12. 12. NOSOCOMIAL PNEUMONIA • The most important are patients on ventilators/tubes in ICU. Also known as VAP (ventilator associated pneumonia) Most commonly caused by drug resistant Staphylococcus aureus and pseudomonas with acinetonacter baumanii.
  13. 13. NOSOCOMIAL BACTERAEMIA • Infections may occurs at the skin entry site of the IV device or in the sub cutaneous path of catheter. • Gram negative bacilli are most common pathogens
  14. 14. SURGICAL SITE INFECTIONS • The definition is mainly clinical (purulent discharge around wounds or the insertion site of drain, or spreading cellulites from wounds within a week of surgery) Stich abcess – S epidermidis Strepto pyogenes – within a day or two Staphylococci – take 4-5 days Gram negative bacilli – take 6-7 days Burns patients - psuedomonas
  15. 15. Diagnosis • Routine methods – smear, staining, microscopy, culture, antibiotic sensitivity testing • When an outbreak occurs – hospital personell, inanimate objects, water, air or food can be tested • Test sterilization techniques like defective autoclaves, improper chemicals used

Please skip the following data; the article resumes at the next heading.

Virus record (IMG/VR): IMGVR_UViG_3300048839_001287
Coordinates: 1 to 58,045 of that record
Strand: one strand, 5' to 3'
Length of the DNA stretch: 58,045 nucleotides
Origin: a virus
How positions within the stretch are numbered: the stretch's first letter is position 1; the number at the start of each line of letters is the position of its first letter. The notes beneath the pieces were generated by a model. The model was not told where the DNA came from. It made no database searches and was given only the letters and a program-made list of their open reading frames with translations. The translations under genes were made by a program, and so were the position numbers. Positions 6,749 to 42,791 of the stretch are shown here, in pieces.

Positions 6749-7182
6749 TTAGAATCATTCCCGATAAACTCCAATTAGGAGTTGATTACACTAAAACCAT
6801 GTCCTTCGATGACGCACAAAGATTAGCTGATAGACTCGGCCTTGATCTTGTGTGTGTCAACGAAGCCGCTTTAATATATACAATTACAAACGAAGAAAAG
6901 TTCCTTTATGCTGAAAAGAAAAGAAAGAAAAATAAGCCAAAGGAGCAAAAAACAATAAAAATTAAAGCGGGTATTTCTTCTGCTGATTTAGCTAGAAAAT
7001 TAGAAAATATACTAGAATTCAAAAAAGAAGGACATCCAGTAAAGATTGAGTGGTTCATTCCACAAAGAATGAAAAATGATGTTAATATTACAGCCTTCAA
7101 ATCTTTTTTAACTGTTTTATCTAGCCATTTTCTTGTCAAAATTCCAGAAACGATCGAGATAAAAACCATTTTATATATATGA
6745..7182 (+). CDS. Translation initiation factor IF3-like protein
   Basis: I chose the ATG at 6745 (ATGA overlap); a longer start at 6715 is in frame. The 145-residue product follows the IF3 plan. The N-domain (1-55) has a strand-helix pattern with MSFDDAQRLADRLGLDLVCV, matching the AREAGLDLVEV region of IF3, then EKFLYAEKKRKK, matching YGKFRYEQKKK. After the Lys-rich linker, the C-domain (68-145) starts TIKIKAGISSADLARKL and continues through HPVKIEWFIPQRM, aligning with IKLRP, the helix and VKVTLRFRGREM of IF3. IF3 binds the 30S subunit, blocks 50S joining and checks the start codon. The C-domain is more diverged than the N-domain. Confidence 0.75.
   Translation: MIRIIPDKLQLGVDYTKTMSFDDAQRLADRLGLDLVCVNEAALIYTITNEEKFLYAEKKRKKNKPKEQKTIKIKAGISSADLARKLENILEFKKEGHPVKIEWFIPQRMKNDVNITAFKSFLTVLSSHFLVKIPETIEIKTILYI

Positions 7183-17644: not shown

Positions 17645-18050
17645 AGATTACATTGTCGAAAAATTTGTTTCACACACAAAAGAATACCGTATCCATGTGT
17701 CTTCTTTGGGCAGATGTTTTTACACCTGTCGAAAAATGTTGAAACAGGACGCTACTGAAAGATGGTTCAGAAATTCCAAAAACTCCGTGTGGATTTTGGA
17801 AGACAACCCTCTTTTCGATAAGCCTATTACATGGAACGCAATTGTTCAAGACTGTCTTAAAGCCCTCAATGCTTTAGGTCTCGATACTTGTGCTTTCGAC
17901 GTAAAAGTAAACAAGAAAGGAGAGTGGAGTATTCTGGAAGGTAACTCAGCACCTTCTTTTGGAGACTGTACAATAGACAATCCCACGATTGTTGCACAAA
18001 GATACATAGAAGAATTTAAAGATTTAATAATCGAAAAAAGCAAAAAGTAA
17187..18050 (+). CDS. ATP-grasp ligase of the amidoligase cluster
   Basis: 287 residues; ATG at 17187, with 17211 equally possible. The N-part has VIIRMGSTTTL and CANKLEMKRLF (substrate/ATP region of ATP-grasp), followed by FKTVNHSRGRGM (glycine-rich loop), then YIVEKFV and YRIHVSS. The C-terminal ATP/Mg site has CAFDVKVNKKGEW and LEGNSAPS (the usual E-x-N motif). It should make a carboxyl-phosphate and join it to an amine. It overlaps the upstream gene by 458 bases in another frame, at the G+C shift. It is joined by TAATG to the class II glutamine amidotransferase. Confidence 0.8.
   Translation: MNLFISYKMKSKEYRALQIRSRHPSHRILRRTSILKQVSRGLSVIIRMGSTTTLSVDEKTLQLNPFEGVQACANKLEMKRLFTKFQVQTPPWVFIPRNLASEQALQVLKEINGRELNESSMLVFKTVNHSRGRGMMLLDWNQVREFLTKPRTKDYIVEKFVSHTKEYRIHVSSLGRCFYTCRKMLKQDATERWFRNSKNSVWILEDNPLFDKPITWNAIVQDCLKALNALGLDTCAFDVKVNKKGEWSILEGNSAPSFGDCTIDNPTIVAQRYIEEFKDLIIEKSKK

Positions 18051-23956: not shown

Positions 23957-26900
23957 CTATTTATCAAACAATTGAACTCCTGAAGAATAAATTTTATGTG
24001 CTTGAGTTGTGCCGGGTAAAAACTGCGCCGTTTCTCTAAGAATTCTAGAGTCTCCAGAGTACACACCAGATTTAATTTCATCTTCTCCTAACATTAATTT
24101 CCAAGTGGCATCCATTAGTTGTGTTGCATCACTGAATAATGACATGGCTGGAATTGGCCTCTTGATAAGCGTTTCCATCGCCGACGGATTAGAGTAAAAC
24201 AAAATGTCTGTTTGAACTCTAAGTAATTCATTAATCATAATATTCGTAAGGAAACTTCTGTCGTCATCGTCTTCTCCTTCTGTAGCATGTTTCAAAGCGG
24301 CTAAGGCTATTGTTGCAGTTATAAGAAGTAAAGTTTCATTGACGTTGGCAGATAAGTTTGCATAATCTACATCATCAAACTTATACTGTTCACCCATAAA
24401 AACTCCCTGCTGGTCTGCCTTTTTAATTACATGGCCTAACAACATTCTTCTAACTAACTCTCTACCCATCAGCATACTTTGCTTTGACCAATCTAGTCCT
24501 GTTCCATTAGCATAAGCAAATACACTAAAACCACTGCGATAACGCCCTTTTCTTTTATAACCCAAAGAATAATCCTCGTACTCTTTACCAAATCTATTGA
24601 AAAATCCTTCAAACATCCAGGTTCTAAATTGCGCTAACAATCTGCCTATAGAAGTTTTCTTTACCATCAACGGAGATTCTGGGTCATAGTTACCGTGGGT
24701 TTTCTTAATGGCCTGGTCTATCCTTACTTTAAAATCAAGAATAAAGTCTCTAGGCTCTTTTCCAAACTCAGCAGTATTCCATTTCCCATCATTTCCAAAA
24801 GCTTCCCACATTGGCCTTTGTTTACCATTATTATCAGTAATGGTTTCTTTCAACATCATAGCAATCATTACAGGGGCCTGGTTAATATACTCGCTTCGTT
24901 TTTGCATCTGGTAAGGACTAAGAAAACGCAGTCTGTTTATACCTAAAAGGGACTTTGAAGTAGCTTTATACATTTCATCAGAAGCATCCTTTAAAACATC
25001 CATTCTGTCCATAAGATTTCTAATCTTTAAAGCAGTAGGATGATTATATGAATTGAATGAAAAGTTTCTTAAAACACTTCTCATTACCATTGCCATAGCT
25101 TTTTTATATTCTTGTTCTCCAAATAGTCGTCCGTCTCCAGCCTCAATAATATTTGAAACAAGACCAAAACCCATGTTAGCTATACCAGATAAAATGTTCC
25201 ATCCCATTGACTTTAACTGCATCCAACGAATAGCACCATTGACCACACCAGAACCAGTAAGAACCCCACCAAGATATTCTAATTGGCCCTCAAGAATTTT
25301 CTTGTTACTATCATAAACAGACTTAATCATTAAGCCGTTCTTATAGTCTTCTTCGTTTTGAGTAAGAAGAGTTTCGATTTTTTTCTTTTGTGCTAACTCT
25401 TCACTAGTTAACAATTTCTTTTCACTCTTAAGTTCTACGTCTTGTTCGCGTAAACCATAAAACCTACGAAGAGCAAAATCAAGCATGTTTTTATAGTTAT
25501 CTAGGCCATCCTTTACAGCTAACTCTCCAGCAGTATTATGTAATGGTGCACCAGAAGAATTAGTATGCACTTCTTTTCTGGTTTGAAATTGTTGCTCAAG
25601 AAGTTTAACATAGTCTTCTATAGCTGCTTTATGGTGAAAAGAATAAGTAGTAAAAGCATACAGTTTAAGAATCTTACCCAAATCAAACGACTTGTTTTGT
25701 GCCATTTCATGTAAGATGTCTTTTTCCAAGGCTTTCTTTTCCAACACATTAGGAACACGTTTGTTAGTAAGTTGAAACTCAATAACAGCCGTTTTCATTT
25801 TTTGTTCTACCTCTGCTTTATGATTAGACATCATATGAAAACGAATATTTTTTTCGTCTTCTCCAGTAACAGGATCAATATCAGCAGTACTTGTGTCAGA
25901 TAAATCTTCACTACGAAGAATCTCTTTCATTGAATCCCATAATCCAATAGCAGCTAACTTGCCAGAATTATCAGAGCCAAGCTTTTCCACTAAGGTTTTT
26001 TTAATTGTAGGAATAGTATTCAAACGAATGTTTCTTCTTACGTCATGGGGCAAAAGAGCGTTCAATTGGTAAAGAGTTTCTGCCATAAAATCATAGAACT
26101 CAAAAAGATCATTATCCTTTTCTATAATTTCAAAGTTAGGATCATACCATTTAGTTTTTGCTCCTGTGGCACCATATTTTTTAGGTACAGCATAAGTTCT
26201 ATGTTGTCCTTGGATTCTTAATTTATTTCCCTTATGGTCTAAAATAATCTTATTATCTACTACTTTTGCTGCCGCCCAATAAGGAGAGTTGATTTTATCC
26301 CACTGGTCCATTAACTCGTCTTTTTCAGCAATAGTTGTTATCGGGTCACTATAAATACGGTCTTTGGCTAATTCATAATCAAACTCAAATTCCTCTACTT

16. 16. PREVENTION AND CONTROL FORMATION OF HOSPITAL INFECTION CONTROL COMMITTEE Consist of Lab head (microbiologist/pathologist) Medical staff Nursing staff Hospital administrator
  17. 17. Functions of HICC • Forming guidelines for admission, handling infectious patients • Surveillance of sterilization techniques • Determining antibiotic policies • Educating patients and hospital staff
  18. 18. Prevention and control of hospital acquired infections • • • • • Hand washing Preventing UTI Preventing surgical site infections Preventing nosocomial pneumonia Preventing bacteremia Page 18
  19. 19. Hand washing • • • • Simple and most effective way Often overlooked Soap and water are enough If not an alcohol based hand steriliser can be used Page 19
  20. 20. Soap and water • Wash for atleast 15-20 seconds • Wash hands before eating, changing diapers, after coughing/sneezing, blowing nose, using bathroom, before and after attending to a patient Page 20